I wrote on AZ Cookbook facebook page that the epitome of spring and summer in Azerbaijan was soon coming to my blog. I gave a hint, alright, that it was going to be a soup. Most people guessed it right! Dovgha! Yes, it is dovgha, a popular Azerbaijani yogurt soup cooked with lots of fresh herbs!
I was saving this recipe for my yet to be published cookbook, but since publishers are not knocking on my door (if you are a publisher, write me) or have been rejecting my knockings, and because I am a nice girl (modesty thing again), I am letting the recipe out before the book is out. Not that the recipe is a grand secret, but there are some tips that one should be armed with if aiming for a perfect dovgha, and I will gladly share them with you.
Dovgha has it all to be sought after. A creamy soup, it is generously nutritious, pleasantly refreshing and flavorsome from the bounty of fresh herbs simmered in yogurt, with a good doze of tender bite provided by the chickpeas, which by the way, can be omitted if you are not a big fan of them. Personally, I like my dovgha with chickpeas. In Azerbaijani countryside, dovgha is particularly delicious; in place of generally known fresh herbs listed in the recipe below, copious varieties of intensely aromatic edible herbs populating the lush fields and mountains, far from the reach of city dwellers, find their way into the soup, making it extra delectable.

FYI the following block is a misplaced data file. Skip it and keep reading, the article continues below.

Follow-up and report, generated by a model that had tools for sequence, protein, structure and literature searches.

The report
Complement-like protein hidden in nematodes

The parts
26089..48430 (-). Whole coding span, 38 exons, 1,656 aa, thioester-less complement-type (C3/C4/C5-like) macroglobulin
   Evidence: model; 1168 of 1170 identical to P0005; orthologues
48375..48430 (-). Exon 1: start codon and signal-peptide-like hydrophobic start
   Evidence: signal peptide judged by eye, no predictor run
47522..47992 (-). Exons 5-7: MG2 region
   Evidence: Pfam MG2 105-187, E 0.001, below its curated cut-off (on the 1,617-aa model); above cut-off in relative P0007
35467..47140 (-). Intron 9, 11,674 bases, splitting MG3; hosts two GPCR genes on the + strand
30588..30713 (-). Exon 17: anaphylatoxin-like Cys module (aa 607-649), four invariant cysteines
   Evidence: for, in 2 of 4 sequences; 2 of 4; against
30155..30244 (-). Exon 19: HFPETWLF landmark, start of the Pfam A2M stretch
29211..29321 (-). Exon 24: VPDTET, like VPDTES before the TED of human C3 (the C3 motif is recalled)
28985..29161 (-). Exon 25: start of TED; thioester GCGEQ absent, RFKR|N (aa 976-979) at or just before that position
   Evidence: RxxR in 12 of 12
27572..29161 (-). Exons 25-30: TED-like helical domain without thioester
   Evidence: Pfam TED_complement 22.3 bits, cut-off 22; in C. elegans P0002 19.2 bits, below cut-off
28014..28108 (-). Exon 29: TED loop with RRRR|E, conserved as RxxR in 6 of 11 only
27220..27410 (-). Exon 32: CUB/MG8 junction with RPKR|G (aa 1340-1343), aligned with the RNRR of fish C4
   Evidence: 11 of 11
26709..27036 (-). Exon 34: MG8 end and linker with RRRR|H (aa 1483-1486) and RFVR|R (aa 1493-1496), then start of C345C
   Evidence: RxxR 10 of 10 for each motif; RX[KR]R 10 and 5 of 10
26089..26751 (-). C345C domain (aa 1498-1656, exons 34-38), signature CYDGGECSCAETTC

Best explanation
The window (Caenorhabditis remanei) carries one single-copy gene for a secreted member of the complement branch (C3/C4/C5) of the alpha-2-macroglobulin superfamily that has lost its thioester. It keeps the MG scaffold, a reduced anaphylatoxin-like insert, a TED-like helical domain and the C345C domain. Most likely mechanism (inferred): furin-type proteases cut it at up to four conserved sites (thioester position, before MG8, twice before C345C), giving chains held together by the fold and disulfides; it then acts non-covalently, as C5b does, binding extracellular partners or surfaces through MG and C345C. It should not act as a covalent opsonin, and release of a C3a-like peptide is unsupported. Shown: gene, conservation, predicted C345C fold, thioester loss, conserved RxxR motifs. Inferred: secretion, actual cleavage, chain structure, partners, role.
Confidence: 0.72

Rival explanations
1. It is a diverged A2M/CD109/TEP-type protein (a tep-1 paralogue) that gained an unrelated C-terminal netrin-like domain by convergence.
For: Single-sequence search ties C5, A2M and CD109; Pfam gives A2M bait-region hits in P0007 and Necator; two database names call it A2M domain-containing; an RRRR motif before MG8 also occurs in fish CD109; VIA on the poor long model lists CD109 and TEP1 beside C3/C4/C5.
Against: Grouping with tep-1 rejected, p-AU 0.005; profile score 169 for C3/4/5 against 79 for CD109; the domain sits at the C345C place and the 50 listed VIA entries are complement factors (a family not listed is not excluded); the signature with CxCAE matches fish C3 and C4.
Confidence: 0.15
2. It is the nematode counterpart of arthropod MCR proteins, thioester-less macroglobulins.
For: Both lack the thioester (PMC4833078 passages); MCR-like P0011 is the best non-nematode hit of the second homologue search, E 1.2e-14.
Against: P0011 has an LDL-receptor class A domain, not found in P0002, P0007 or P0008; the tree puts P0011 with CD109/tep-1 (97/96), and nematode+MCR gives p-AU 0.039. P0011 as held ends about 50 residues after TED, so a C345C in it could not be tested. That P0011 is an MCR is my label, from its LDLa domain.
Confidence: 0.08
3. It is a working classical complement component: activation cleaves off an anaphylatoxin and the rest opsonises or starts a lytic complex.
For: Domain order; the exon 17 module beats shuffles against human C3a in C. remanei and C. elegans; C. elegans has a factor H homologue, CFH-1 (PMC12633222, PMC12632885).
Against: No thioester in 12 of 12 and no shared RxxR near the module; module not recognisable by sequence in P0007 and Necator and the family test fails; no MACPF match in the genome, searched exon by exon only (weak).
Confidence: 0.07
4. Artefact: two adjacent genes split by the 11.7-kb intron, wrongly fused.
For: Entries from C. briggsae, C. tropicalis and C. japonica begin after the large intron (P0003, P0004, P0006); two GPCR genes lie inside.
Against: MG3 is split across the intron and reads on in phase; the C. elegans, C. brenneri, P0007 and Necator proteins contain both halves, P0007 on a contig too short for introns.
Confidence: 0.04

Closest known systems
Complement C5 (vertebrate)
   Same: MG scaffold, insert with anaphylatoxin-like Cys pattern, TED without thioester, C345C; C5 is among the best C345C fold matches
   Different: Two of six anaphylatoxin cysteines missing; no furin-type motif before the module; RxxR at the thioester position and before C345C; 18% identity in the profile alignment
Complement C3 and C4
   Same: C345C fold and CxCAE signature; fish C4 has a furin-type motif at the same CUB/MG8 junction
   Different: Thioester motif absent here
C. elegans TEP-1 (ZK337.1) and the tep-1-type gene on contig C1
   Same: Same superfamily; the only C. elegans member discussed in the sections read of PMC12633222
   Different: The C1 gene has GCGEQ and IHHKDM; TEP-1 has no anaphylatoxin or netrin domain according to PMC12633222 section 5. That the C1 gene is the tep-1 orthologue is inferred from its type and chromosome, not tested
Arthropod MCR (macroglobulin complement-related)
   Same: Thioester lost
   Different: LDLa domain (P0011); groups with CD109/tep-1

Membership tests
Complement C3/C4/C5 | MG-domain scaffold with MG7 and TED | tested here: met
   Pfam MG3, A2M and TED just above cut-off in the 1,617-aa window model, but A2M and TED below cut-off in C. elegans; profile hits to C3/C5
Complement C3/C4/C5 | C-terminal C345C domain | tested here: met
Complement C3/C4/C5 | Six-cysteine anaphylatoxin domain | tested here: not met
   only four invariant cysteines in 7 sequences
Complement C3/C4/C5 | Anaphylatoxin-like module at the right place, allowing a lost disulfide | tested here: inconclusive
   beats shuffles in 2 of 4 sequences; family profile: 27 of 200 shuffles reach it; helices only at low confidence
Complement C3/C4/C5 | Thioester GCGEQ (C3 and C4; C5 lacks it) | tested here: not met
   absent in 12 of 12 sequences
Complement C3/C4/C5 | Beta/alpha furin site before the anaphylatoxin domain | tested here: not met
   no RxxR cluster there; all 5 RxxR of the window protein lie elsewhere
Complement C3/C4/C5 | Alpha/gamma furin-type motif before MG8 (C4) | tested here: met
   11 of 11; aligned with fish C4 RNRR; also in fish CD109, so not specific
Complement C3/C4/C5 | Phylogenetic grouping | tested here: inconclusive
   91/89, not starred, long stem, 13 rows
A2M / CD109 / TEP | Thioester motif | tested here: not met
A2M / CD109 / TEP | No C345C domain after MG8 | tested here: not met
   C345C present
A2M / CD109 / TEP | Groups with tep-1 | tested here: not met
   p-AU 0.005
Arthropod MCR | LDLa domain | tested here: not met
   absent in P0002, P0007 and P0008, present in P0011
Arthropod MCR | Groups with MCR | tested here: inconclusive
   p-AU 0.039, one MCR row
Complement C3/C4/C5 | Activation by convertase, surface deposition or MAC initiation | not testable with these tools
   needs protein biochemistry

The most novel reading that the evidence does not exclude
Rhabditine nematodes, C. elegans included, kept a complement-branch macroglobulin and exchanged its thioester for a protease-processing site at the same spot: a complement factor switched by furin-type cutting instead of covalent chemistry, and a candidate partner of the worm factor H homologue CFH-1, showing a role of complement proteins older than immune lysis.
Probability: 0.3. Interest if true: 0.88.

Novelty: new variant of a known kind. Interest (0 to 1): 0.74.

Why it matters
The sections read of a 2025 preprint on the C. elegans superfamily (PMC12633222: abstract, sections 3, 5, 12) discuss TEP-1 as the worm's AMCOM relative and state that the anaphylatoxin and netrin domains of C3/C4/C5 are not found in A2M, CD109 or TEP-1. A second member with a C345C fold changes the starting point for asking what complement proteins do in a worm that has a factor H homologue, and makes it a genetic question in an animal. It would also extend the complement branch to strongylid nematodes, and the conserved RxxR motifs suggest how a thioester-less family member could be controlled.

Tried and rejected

How is dovgha served? Typically, the chilled soup is served ladled into traditional deep individual bowls called kasa that are placed next to serving plates. It is up to you whether to enjoy dovgha as a starter soup before the main course arrives, or afterwards, to wash down a hearty meal. Dovgha is also great as a stand-alone light meal. Serve it either chilled or at a room temperature, always with chunks of bread on the side.
Here’s the recipe with all the right tips you need to succeed in dovgha making. Also, check out my blogger friend Sofya’s (who hails from Baku too) for her dovgha recipe with some fantastic photos.